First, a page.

Sometimes morbid, sometimes zany, often touching, and always original, the stories collected in Tenth of December are written in a light, conversational style -- typically the kind of conversation you'd have with someone who is a little dim -- that conceals their deeper meaning. Many of the characters are like the parents or children you're glad you never had.

My favorite story, "Victory Lap," begins in the mind of Alison, a fifteen-year-old girl whose internal commentary on Eleanor Roosevelt, her ethics teacher's husband's affair, her own ignorance, and the dorkiness of Kyle Boot is, to use Alison's favorite word, awesome. The story then shifts to the scattered mind of Kyle Boot (favorite word: "gar"), whose chance of pleasing his anal-retentive father is nil and whose thoughts are filled with imaginative curses that he would never dare say out loud. When Kyle sees a man trying to kidnap Alison, he must choose between intervening and finishing his chores. The story develops a new layer of oddness when we enter the mind of the kidnapper. The ending is surprisingly sweet as humor and horror give way to karma.

The title story is another standout. Robin is a pale, blubberish boy who invents his own martial arts system (Deadly Forearms) to fight the Nethers. Eber, old and rail-thin, no longer seems real to himself. Both Robin and Eber constantly engage in imagined conversations. When Robin spots Eber (thinking he may be a Nether) walking around a frozen pond, Robin makes it his heroic mission to deliver Eber's coat to him without realizing why Eber left the coat behind. The story is a bittersweet combination of humor and sorrow and inspiration.
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88 of 114 people found the following review helpful
4.0 out of 5 stars Wow, how have I missed out on this author? November 12, 2012
Format:Hardcover|Vine Customer Review of Free Product (What's this?)
'Tenth of December' a short story collection by George Saunders, is, in a word, amazing! Very dark ironic humor, a unique and interesting style, and a collection of great short stories. I'm embarrassed that I have never heard of Mr. Saunders before, but I intend to rectify that mistake shortly, i'll be seeking out more of his work. I recommend very highly, with the one caveat that some of this material is pretty dark, so if you are not somehow who enjoys dark satire, than this may be a tough read. But for anyone else, what are you waiting for!!
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Most Recent Customer Reviews
5.0 out of 5 stars shorts well worth it
The stories are quirky and fun. The Sedaris interview is a treasure. It brings out Saunders' honesty and his humor.
Published 3 hours ago by Bookwoman5
2.0 out of 5 stars Scratching head....I don't get it
I just don't get these stories. They are mundane and pedantic beyond imagination. Am I missing something?
Published 16 hours ago by A. Martin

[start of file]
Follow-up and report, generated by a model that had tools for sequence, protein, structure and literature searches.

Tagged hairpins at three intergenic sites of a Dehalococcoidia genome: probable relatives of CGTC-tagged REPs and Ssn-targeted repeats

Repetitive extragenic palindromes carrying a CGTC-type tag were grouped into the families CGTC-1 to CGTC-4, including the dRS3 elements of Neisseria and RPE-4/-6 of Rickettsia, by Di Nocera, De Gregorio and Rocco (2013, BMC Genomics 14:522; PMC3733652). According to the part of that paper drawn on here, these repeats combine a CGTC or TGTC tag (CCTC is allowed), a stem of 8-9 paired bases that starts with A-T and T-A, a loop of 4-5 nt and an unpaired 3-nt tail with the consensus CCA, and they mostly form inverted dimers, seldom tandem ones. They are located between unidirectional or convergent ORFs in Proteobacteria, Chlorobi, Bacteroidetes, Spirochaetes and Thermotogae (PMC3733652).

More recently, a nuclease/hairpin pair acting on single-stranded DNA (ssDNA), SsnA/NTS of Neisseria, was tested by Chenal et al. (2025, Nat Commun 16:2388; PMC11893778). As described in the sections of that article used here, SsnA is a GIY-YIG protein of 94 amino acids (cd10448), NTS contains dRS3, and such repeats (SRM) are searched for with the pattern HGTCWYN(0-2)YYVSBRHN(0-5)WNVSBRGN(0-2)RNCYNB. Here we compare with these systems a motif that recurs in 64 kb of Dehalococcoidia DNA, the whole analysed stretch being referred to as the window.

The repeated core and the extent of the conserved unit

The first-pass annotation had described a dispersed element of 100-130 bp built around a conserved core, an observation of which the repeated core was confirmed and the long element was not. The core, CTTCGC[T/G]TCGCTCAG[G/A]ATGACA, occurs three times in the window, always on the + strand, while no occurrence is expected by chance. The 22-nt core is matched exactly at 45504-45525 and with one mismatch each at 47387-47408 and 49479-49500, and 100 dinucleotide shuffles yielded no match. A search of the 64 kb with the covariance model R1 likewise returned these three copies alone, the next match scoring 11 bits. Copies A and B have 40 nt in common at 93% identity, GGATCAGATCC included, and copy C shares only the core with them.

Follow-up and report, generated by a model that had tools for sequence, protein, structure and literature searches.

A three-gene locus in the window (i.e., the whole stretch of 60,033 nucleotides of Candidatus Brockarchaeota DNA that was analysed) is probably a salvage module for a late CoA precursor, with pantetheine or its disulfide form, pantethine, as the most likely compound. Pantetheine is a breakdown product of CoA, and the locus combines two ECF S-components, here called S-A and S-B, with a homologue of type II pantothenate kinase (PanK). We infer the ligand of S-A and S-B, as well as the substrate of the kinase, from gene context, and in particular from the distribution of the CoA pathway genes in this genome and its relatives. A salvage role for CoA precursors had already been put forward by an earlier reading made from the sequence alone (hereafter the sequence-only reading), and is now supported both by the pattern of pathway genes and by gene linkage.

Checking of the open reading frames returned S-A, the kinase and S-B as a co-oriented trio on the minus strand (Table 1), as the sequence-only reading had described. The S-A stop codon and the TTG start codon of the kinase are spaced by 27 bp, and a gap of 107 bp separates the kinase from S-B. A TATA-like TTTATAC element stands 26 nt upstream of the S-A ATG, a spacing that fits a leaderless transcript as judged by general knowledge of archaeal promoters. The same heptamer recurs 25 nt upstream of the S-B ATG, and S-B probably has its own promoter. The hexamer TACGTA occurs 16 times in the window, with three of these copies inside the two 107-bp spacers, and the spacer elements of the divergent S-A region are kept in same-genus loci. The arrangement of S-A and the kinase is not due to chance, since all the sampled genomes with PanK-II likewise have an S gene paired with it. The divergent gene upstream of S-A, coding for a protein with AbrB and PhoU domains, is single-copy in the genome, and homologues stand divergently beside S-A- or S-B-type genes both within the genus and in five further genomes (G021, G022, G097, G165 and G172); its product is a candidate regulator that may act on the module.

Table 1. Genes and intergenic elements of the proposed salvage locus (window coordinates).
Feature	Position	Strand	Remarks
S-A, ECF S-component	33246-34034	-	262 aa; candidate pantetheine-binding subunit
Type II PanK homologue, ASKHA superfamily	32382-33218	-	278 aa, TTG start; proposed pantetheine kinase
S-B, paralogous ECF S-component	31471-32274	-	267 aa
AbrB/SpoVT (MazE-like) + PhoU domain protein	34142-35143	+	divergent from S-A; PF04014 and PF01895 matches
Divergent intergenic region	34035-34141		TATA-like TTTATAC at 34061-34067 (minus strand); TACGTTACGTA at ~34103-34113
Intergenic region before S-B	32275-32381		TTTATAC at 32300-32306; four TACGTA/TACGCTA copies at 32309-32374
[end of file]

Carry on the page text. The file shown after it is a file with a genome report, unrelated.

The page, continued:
5.0 out of 5 stars Quirky, endearing, characters put in impossible circumstances.
What's real and what's culturally impoverishing? How class and authority shape our lives. What does it mean to be human, to be alive? Read more
Published 6 days ago by Amazon Customer
3.0 out of 5 stars Three Stars
Not my favorite writer. He's Ok
Published 23 days ago by Diane Taylor
5.0 out of 5 stars Short but never too sweet
I just loved this collection. The stories are mostly brief but wow, do they pack a punch. Saunders' use of language is so taut and fresh; the prose alternates between hilarious and... Read more
Published 25 days ago by Golden
5.0 out of 5 stars funny, kind writer who clearly loves language in an ...
A playful, funny, kind writer who clearly loves language in an unpretentious and totally enjoyable way. Read more
Published 25 days ago by MARK DIMASSIMO
5.0 out of 5 stars There were a couple of amazing stories in this book
There were a couple of amazing stories in this book. I don't usually read short stories, but I had no trouble staying interested in this collection.
Published 28 days ago by Amazon Customer
1.0 out of 5 stars Never buy a book because of the title of your birthday
Worst book I ever read. Or tried to read in this case.
Published 1 month ago by mavo
1.0 out of 5 stars "I've read a perfectly wonderful book, but this wasn't it."
I watched the author's address to the graduates of Syracuse on youtube and it was one of the most moving speeches I've ever heard so I was anxious to read this book. Read more
Published 1 month ago by D. Moring
2.0 out of 5 stars ... based on the positive book reviews and was quite disappointed....
I bought this based on the positive book reviews and was quite disappointed. Stories were too bazar and were written to shock the reader. Would not recommend..
Published 1 month ago by Robert Sands
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More About the Author

George Saunders's political novella The Brief and Frightening Reign of Phil was published by Riverhead Trade Paperbacks in September 2005. He is also the author of Pastoralia and CivilWarLand in Bad Decline, both New York Times Notable Books, and The Very Persistent Gappers of Frip, a New York Times children's bestseller. In 2000, The New Yorker named him one of the "Best Writers Under 40." He writes regularly for The New Yorker and Harper's, as well as Esquire, GQ, and The New York Times Magazine. He won a National Magazine Award for Fiction in 2004 and his work is included in Best American Short Stories 2005. He teaches at Syracuse University.